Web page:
The Afghan war is returning to the place it began: the violent eastern borderlands with Pakistan, where the Taliban and al Qaeda slipped out of US reach a decade ago and have organized their insurgency ever since.
In southern Afghanistan, the US has succeeded over the past year in prying the Taliban’s grip from parts of Kandahar and Helmand provinces. But US military commanders recognise they have far to go in the country’s east, where insurgents fight from the cover of craggy mountains and drive truckloads of weapons through illegal dirt-road crossings, flee across the border into Pakistan to elude capture.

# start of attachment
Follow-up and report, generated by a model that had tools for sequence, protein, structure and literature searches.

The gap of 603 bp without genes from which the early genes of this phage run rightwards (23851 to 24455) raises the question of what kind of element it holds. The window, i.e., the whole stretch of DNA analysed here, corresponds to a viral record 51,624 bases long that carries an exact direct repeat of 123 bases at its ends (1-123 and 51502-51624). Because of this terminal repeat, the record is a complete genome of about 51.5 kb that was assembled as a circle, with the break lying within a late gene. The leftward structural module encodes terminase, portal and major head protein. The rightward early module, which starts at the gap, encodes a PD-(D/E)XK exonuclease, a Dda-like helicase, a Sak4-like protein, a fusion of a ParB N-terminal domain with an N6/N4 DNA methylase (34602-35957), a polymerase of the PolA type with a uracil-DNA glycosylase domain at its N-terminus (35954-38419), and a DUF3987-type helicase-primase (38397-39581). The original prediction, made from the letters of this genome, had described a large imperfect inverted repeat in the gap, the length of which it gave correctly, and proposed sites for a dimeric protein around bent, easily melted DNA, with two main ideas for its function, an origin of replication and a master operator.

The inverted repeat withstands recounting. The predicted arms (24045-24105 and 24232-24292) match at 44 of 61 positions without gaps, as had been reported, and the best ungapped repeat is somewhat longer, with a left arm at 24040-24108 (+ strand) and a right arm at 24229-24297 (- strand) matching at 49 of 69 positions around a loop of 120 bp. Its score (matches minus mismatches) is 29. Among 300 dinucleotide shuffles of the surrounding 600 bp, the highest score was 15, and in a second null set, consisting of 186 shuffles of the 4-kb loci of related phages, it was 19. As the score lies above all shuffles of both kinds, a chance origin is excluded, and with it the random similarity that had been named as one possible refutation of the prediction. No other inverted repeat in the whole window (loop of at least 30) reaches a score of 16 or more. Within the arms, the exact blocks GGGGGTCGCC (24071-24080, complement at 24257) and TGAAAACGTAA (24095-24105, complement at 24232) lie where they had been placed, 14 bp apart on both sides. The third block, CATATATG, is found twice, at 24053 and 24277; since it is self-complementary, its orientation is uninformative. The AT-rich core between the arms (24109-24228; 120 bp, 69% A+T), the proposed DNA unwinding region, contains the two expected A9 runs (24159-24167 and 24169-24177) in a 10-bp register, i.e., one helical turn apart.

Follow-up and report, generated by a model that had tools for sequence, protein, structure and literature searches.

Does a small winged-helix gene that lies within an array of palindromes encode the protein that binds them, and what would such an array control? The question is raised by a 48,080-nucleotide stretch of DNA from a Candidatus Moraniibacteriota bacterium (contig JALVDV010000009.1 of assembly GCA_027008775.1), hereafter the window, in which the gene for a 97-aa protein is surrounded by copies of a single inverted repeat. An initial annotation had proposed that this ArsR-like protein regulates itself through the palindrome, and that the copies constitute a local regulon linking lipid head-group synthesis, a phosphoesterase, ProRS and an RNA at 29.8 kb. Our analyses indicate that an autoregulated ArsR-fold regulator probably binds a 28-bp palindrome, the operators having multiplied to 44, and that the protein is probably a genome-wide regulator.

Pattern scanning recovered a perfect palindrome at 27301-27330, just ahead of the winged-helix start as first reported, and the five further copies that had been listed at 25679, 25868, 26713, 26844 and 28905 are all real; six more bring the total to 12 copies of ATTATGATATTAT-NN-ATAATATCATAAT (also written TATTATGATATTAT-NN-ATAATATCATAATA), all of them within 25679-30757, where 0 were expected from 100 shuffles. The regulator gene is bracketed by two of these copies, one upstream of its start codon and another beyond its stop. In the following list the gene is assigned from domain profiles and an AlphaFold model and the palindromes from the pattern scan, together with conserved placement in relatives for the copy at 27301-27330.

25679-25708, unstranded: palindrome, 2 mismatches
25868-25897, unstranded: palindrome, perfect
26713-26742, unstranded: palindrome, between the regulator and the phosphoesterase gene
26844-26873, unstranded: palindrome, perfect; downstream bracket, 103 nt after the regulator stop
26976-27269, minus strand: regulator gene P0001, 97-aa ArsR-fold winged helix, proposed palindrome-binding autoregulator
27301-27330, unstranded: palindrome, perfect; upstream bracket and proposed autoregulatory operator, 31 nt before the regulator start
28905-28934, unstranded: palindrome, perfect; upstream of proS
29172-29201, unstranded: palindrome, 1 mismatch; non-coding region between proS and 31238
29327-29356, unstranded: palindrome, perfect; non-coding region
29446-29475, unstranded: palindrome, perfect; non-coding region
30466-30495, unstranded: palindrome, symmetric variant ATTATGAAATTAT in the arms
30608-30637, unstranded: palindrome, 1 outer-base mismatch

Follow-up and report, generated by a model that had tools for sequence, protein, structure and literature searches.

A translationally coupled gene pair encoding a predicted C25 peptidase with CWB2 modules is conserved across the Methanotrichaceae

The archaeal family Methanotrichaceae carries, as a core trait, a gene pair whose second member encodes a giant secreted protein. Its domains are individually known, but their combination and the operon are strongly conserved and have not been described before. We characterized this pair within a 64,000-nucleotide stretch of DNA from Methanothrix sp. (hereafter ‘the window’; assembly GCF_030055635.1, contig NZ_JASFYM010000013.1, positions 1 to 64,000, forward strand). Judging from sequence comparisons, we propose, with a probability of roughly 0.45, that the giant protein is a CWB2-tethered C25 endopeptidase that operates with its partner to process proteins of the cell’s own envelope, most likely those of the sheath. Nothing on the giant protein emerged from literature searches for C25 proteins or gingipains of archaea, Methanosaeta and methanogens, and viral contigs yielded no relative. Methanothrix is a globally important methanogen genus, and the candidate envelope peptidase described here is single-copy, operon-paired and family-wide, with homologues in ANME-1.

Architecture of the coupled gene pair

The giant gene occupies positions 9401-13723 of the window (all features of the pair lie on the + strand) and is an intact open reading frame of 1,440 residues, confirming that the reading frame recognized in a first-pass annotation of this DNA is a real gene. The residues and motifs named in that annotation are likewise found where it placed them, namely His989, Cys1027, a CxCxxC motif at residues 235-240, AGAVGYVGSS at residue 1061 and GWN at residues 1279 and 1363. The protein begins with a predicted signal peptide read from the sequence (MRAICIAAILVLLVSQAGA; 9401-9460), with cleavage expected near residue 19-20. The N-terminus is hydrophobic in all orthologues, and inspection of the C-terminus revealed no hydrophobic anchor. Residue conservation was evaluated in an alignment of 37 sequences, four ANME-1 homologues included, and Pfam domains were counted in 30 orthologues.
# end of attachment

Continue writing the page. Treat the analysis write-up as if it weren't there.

The US focus on the south has meant that there are about 38,500 troops in that region, compared with 31,000 in eastern Afghanistan. But those in the east have borne a disproportionately high share of casualties in recent months.
In eastern Afghanistan, “we really haven’t focused our energy and efforts,” said US Army Lt Gen David Rodriguez, Nato’s second-ranking commander in Afghanistan. “Because you can’t do it everywhere.”
But commanders are faced with the problem of trying to intensify a fight with fewer US troops, as President Barack Obama will begin withdrawing soldiers next month.
In the past six months, 64 US troops have died in the east, compared to 67 in south, even though there are 7,500 more troops in the south.
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